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#Exhibit of the Month

Among the Greek mythological figures, there is a satyr (Ancient Greek: Σάτυρος), also called Silenus, a male spirit of nature and forest, known to be the companion of the gods Pan and Dionysus. Satyrs were imagined as dancing in the fields, drinking wine with Dionysus and chasing maenads and nymphs. According to the descriptions in myths, they had human-like upper part of the body and the horse-like or goat-like legs, and also a long and bushy tail.

Gradually, animalistic features in the image of a satyr recede, their lower limbs become human (legs, not hooves). The satyr Marsyas (Μάρσιας) plays a special role in Greek legends. Sometimes the god Pan is depicted in the guise of a satyr.

The historian Hesiod tells us about their origins, mentioning that satyrs are wine lovers, and legends also claim that it was the satyrs who saved Ariadne (Aριαδνη), the daughter of King Minos from Crete, who was abandoned by her lover Theseus (Θησεύς) on the island of Naxos (Νάξος).

It is believed that satyrs have tremendous strength and endurance, and also love music, and one of their main attributes is the flute. Also among the attributes of satyrs there are the thyrsus, vessels for wine, and wineskins.

The figurine of a satyr from the NMHM collection is unique. It is made of bronze and has a height of 17 cm. The figurine is made in a stylized manner, the character is presented in a standing position, as if he is holding something in his right hand, and his left hand is damaged. The left leg is also not completely preserved. Some researchers consider it to be the handle of a vessel (possibly of a cup). Certainly, the object had a symbolic character.

We assume that this artifact belongs to the period of Classical Greece and dates back to the 4th century BC.

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Events Archive

Interactive visit for children with hearing disabilities

September 25, 2019

Each year, the museum dedicates the last week of September to supporting the social inclusion of young people with hearing disabilities. On September 25, 30 children from the Professional School no. 11 for children with hearing disabilities, from Chișinău, spent together unforgettable moments at the museum.

Even if deafness is a disability that is not visible, young people who have such deficiencies are exposed daily to the risk of not being accepted by society. Most of them had attended special institutions, starting with kindergarten, where they were assisted by professionals of the gestural language. In order to be able to work, most of these persons would need the support of an interpreter of mimicry and gestures. In the Republic of Moldova, only nine specialists in mimicry are authorized for about 5000 people with hearing problems. One of them was invited at the activity organized by the museum to facilitate the children's access to the information displayed in the museum.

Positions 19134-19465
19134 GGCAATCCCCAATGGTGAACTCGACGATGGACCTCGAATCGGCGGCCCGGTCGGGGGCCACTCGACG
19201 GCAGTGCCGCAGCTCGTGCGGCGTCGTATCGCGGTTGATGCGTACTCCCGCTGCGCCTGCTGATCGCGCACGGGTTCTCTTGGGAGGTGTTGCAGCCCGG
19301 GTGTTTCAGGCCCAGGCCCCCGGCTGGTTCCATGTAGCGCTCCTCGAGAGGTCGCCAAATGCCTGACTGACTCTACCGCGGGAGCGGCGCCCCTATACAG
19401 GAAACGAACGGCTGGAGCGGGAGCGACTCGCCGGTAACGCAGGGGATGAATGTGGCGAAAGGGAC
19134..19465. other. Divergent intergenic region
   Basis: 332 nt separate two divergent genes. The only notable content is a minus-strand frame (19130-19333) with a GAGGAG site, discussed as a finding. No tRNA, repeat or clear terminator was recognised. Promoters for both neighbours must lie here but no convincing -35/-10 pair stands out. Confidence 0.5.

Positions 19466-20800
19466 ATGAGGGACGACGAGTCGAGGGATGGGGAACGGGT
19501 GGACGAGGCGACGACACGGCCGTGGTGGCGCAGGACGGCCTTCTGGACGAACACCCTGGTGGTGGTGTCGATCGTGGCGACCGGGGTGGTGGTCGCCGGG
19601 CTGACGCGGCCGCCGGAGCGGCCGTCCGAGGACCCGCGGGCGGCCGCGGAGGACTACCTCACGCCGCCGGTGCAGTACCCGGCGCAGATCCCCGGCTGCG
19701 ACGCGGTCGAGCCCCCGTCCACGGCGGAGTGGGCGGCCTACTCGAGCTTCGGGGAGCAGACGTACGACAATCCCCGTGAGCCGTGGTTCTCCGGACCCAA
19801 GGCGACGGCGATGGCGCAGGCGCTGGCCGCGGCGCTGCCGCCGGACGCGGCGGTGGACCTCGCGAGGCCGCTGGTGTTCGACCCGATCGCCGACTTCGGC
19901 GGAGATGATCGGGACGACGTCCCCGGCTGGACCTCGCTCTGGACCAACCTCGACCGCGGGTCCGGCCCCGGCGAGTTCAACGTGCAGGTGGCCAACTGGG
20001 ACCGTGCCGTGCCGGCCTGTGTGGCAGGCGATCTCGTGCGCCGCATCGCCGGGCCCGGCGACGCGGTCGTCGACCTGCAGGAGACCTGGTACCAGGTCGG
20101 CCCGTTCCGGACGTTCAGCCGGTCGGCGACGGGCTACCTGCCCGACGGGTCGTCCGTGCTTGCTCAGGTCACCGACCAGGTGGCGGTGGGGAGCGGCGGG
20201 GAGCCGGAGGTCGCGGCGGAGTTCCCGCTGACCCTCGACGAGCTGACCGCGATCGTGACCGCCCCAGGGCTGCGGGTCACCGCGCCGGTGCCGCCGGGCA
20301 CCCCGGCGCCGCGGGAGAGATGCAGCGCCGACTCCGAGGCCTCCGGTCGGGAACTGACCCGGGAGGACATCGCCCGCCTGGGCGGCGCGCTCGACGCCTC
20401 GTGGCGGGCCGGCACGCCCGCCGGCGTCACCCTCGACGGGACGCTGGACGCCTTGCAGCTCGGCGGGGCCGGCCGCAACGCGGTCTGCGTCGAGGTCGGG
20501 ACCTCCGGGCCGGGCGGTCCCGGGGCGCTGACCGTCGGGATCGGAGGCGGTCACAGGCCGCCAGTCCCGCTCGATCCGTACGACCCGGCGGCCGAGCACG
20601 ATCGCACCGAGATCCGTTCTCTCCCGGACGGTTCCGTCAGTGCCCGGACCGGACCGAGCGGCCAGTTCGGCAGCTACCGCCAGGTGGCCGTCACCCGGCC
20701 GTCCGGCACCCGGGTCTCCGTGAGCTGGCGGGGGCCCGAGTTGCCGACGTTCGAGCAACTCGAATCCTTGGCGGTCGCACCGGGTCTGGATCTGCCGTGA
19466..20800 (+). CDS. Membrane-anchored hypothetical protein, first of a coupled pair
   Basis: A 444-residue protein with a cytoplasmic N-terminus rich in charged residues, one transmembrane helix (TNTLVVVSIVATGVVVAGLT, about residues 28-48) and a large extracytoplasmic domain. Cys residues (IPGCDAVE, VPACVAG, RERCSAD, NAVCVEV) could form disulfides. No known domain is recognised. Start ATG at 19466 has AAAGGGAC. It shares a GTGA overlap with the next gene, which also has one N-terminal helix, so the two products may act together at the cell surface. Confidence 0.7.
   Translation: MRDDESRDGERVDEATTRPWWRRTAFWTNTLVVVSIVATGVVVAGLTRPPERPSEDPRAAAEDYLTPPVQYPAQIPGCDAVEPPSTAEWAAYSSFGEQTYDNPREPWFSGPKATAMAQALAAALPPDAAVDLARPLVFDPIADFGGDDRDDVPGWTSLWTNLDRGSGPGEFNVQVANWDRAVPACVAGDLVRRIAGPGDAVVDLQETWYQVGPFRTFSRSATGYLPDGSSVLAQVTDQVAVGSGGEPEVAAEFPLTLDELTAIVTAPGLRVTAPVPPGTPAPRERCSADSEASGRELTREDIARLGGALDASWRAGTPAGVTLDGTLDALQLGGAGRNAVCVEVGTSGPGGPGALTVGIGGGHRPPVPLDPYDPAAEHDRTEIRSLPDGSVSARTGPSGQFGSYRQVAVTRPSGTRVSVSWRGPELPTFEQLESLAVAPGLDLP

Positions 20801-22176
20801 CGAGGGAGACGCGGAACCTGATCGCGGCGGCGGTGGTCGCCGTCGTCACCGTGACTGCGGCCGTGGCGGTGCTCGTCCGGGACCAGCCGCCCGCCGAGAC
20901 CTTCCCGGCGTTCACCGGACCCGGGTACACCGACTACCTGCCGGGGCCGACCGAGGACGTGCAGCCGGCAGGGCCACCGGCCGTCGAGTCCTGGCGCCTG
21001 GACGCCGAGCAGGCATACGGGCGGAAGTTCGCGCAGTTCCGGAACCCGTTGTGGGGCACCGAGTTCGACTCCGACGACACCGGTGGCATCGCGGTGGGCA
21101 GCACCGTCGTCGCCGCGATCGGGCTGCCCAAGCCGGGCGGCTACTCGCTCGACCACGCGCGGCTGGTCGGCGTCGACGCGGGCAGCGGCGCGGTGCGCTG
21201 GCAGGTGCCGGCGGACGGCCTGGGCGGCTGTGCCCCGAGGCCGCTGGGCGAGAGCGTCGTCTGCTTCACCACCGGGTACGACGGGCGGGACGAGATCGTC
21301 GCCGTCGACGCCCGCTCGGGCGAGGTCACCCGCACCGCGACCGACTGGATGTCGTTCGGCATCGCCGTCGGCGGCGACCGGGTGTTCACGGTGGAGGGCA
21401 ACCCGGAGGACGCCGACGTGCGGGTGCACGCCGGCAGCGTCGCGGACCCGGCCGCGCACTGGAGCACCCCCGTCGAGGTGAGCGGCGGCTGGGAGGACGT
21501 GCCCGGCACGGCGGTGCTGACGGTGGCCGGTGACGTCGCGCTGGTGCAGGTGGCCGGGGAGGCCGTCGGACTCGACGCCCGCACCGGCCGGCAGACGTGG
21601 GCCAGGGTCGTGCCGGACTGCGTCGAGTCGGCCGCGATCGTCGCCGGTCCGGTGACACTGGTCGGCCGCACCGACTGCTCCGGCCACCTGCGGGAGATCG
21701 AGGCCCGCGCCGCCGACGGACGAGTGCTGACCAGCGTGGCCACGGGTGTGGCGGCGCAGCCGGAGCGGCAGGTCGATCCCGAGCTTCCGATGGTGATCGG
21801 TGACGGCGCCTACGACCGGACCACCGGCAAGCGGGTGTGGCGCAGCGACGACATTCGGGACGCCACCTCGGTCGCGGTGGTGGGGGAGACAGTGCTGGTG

There is no way of telling exactly what they liked the most, however the children showed great interest during all three hours spent in the museum. First, they were challenged to mold a prehistoric handmade clay vessel, to spark between two stones and to weave using a weaving installation. Being students at a vocational school, they showed great skill in everything, proving that the deed is worth much more than the word. After that, the children gathered together the pieces from a big puzzle, and the big surprise made by the museum was visit of the volunteers of the Color Party, who taught the children to model puppies and flowers from balloons, and painted the visitors on face and hands in their favorite colors.

This day brought sunshine to the museum. The happiness of the children is encouraging and motivating us to organize such interactive visits more often, because History makes no difference between its descendants. We hope that such activities will raise public awareness, and spread inclusive practices in other public institutions.

The museum always has wide open doors for everyone.



 

 


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Abolition of Autonomy. Bessarabia – a New Tsarist Colony
Period of Relative Autonomy of Bessarabia within the Russian Empire
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#Exhibit of the Month

Among the Greek mythological figures, there is a satyr (Ancient Greek: Σάτυρος), also called Silenus, a male spirit of nature and forest, known to be the companion of the gods Pan and Dionysus. Satyrs were imagined as dancing in the fields, drinking wine with Dionysus and chasing maenads and nymphs. According to the descriptions in myths, they had human-like upper part of the body and the horse-like or goat-like legs, and also a long and bushy tail. Gradually, animalistic features in the image of a satyr recede, their lower limbs become human (legs, not hooves). The satyr Marsyas (Μάρσιας) plays a special role in Greek legends. Sometimes the god Pan is depicted in the guise of a satyr...

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